We feel it is important to publish a Principal Adverse Impact Statement as we believe adverse sustainability impacts deserve as much attention as Sustainability risk. Adverse sustainability impacts  are actual and potential negative impacts resulting from investments or investment advice on sustainability factors, i.e. environmental, social and employee matters, respect for human rights, and anti-corruption and anti-bribery matters. Identifying and measuring these impacts is important in order to assess whether a product is indeed a sustainable product. ABN AMRO Investment Solutions is currently working on fund level reporting that shows not only the Sustainability Risk a fund is subject to, but also the adverse sustainability indicators per fund. Currently, we already measure a number of the indicators defined by the Regulatory Technical Standards (RTS) but we do not yet report on them externally (for instance: Greenhouse Gas Emissions and Carbon Footprints). Next to that, some of the proposed indicators are on our exclusion list, such as UN Global Compact violations and exposure to Controversial Weapons.

Our sustainability criteria are built upon applicable international standards, conventions, treaties and regulation. The most important policies and statements are published under Sustainability Risk Policy Framework. Furthermore, we publish our voting policy and annual voting report, and will be publishing our engagement guidelines soon, under Other Due Diligence Disclosures.

Please find our statement under Principal Adverse Impact Statement 2021 .

Other Due Diligence Disclosures

Other Due Diligence Disclosures

In addition to the Principal Adverse Impact Statement, we have documents in place to guide and assess the sustainability performance of our ESG and Sustainable fund range. In this section we want to highlight specifically Active Ownership.

We define active ownership as engagement with investee companies and voting at their Annual General Meetings. Although voting can be seen as a form of engagement, we split this process as engagement rests with the individual portfolio manager and the exercise of proxy voting rights rests with ABN AMRO Investment Solutions. Over the past years we have observed an increase in Environmental and Social resolutions, thus enabling voting to be a more relevant tool to engage with our universe.

Engagement

Engagement is the responsibility of the portfolio manager, as specific engagement goals depend on the investment strategy of the fund and the role ESG criteria have. A fund that wants to contribute to Green House Gases reduction may engage in a different way with the holdings in its portfolio than a fund that focuses on human rights. Furthermore, a fund that has a value approach may engage in a different way than a fund that has a growth approach. However, regardless of these differences in approaches, there is always a minimum sustainability performance (sustainable) portfolio managers are ought to expect from companies in their portfolios. We therefore ask our portfolio managers to comply with our engagement guidelines . Portfolio managers report on a yearly basis to ABN AMRO Investment Solutions on their engagement efforts.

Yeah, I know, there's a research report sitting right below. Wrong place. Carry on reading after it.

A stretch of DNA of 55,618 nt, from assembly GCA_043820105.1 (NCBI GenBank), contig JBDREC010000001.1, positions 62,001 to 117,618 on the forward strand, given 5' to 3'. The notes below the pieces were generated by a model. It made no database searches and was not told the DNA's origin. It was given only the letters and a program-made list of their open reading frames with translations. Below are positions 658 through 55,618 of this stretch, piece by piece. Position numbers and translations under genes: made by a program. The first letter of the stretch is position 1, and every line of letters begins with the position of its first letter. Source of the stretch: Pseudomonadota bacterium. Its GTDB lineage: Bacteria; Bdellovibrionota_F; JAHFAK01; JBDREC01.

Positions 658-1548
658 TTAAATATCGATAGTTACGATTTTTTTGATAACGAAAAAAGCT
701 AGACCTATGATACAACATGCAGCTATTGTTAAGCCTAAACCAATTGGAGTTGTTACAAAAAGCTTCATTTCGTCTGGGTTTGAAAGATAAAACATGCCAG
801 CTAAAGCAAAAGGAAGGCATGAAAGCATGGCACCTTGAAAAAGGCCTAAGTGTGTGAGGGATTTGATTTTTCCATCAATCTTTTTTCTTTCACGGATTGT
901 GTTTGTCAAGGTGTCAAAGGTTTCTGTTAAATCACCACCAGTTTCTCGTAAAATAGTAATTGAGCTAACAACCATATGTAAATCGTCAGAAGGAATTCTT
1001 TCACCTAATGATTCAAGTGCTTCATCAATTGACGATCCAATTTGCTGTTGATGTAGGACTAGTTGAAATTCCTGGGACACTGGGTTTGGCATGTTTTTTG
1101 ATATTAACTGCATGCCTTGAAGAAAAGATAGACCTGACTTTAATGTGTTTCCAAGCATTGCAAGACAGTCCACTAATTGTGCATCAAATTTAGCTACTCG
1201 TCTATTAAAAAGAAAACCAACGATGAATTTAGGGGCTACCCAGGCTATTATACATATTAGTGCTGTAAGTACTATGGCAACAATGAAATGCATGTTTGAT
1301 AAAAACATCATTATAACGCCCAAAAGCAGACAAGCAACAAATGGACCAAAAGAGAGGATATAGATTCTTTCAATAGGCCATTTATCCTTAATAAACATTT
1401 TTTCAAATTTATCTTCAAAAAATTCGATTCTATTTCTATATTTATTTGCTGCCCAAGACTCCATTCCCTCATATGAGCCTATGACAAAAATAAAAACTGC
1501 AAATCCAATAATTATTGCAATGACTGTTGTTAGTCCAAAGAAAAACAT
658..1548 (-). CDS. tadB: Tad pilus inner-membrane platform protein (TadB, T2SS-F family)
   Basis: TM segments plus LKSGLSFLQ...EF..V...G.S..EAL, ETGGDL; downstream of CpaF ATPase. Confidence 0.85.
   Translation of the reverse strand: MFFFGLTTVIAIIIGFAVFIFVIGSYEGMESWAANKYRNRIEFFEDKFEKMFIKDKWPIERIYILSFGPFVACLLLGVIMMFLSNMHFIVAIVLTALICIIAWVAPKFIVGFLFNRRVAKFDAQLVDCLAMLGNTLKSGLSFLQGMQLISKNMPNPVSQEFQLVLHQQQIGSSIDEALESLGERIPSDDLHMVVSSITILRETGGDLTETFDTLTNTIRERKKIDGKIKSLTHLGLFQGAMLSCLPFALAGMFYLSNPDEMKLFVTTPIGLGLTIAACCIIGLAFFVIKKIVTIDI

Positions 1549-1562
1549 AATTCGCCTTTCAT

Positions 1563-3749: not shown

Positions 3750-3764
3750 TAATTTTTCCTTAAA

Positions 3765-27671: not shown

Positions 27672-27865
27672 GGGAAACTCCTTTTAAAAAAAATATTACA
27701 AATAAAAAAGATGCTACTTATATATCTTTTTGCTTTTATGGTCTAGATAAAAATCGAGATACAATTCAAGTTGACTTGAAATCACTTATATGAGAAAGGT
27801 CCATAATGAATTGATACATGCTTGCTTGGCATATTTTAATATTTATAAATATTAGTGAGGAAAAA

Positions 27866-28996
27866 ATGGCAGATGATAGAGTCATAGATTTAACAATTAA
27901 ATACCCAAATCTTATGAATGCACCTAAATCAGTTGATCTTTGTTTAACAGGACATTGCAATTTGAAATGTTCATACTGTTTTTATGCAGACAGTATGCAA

You will find our Global Engagement Report here .

Proxy Voting
Proxy voting is the responsibility of ABN AMRO Investment Solutions.  AAIS has its own Voting policy in place. We work with ISS Governance, which provides us with voting recommendations in line with the policy we chose (a customised version of the ISS Governance International SRI Policy). From ISS’ range of specialised policies, we selected the one that enables us to be most advanced in the area of Environmental and Social, implying that we will support most E&S resolutions. We upgraded our policy with ISS in 2020. We report over our voting efforts on a yearly basis, you’ll find the latest voting report here

Sustainability reporting

Sustainability reporting

We are committed to being transparent about the sustainability performance of the funds we manage. We have dedicated reports in place for this purpose and aim to add more disclosures over time. Historical reports can be found under ‘regulatory reporting’ in the footer of this webpage.

LTECV
Issued on 17 August 2015, the French Energy Transition Act for Green Growth (Loi de Transition Energétique pour la Croissance Verte - LTECV) prompts the various participants in the economic fabric to adopt a “climate” approach within their businesses whereby environmental, social and governance criteria are taken into account. An annual report is required by the regulator.

The purpose of the “LTECV report” required under the legislation is to explain the investment management company’s approach to ESG issues. The information thus communicated is dealt with at two levels:

  • investor level (“the management company”)
  • investment level (“the funds”)

European SRI Transparency Code
The European SRI Transparency Code (the Code) focuses on ESG/Sustainable funds distributed publicly in Europe and is designed to cover a range of assets classes, such as equity and fixed income. Signatories to the Code should be open and honest and should disclose accurate, adequate and timely information to enable stakeholders, especially consumers, to understand the ESG policies and practices of the fund.

Currently we publish the transparency codes for the following funds: